Consequences of dangerous driving hits home at Dying 2 Drive 2017

RTC 2017 - 4

Our annual Dying 2 Drive event took place at the end of November, showing the fatal results of driving whilst distracted and speeding. Organised by our Public Services students, they liaised closely with Derbyshire Fire and Rescue, Derbyshire Constabulary and EMICS (East Midlands Immediate Care Scheme).

Taking place right on our doorstep, the event featured a staged fatal road traffic incident and the live response of the emergency services. A big thank you to our performing arts students for acting as the drivers/passengers (and the media make up students who worked on them) and to the vehicle accident repair staff and students for providing the vehicles designed to look 'post accident'.

Our Media students are also producing a road safety DVD for Derbyshire Fire and Rescue which will hopefully provide an excellent resource for the emergency services when educating young people about staying safe on Derbyshire's roads.

The whole event is an excellent opportunity for our Public Services students to experience life in the emergency services and take a glimpse of what they may be doing in ther future careers. 

Media student Rachel, who also won the AoC Student Video of the Year in November, explains how she feels working on the project, "It's a real eye opener. The rest of the media team and I have really enjoyed being part of this and hopefully what we produce will help to educate people about why road safety is so important. What struck me was just how loud it all was, especially when the door pillars were being cut."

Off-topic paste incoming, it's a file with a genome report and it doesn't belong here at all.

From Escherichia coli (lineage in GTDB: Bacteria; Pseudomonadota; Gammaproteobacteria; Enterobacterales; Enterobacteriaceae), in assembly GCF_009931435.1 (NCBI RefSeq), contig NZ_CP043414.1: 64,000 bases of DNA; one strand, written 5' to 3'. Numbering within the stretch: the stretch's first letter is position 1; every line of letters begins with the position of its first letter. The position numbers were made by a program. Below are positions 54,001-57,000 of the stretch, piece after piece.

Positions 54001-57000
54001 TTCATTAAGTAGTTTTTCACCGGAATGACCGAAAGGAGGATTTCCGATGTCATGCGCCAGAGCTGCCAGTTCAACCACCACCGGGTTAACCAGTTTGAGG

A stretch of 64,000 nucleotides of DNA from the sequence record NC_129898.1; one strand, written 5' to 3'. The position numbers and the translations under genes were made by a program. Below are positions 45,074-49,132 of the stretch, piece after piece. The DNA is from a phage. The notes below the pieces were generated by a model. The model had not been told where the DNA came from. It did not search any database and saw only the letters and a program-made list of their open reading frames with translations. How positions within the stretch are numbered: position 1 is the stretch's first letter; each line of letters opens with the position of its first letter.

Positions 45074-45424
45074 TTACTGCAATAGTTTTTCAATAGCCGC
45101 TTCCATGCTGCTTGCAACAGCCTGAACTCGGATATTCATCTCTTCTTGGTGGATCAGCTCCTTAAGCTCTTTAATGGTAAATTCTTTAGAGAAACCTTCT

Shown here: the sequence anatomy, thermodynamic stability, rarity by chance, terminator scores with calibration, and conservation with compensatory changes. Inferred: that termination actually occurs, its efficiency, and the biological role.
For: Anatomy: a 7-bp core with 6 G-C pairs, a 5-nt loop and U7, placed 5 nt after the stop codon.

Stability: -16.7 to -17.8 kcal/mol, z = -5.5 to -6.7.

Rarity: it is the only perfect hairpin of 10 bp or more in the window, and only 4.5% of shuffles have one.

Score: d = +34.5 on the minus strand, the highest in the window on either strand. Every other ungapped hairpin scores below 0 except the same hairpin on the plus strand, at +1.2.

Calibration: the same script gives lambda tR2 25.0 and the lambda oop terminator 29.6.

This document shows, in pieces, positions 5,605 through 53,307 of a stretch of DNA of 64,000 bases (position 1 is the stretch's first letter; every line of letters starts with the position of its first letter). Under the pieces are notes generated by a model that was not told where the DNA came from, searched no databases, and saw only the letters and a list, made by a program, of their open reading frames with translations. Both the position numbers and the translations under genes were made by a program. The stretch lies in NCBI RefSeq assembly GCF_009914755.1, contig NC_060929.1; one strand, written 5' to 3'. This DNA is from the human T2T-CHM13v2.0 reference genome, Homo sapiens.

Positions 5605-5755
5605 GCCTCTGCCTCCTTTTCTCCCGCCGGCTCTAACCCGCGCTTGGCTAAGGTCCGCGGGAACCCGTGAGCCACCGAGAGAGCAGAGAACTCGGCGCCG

Former Public Services students now Special Sergeants at Derbyshire Constabulary, Jack and Sam, attended the event and recall just how useful it is when looking to join the emergency services. Jack explains, "There's only so much you can teach in a classroom about attending incidents such as a road traffic collision. Events like Dying 2 Drive really bring it home what you have to deal with when working for an emergency service. For example the smell of it all, the sounds, having to deal with the injured and/or fatalities and how families are informed. It's really interesting to be back here as someone working in the field rather than a student, it's such a good opportunity for us to really drive home to young people the importance of road safety and the consequences of driving dangerously or driving distracted."

Jamie from Derbyshire Fire and Rescue says, "Speaking to the Public Services students, they all understand the importance of road safety which is fantastic. As this event is viewable for the rest of the college cohort, even if it drives home the consequences of dangerous driving to just one person and helps to minimise the risk of them being involved in a road traffic incident then it's absolutely worthwhile."

RTC 2017

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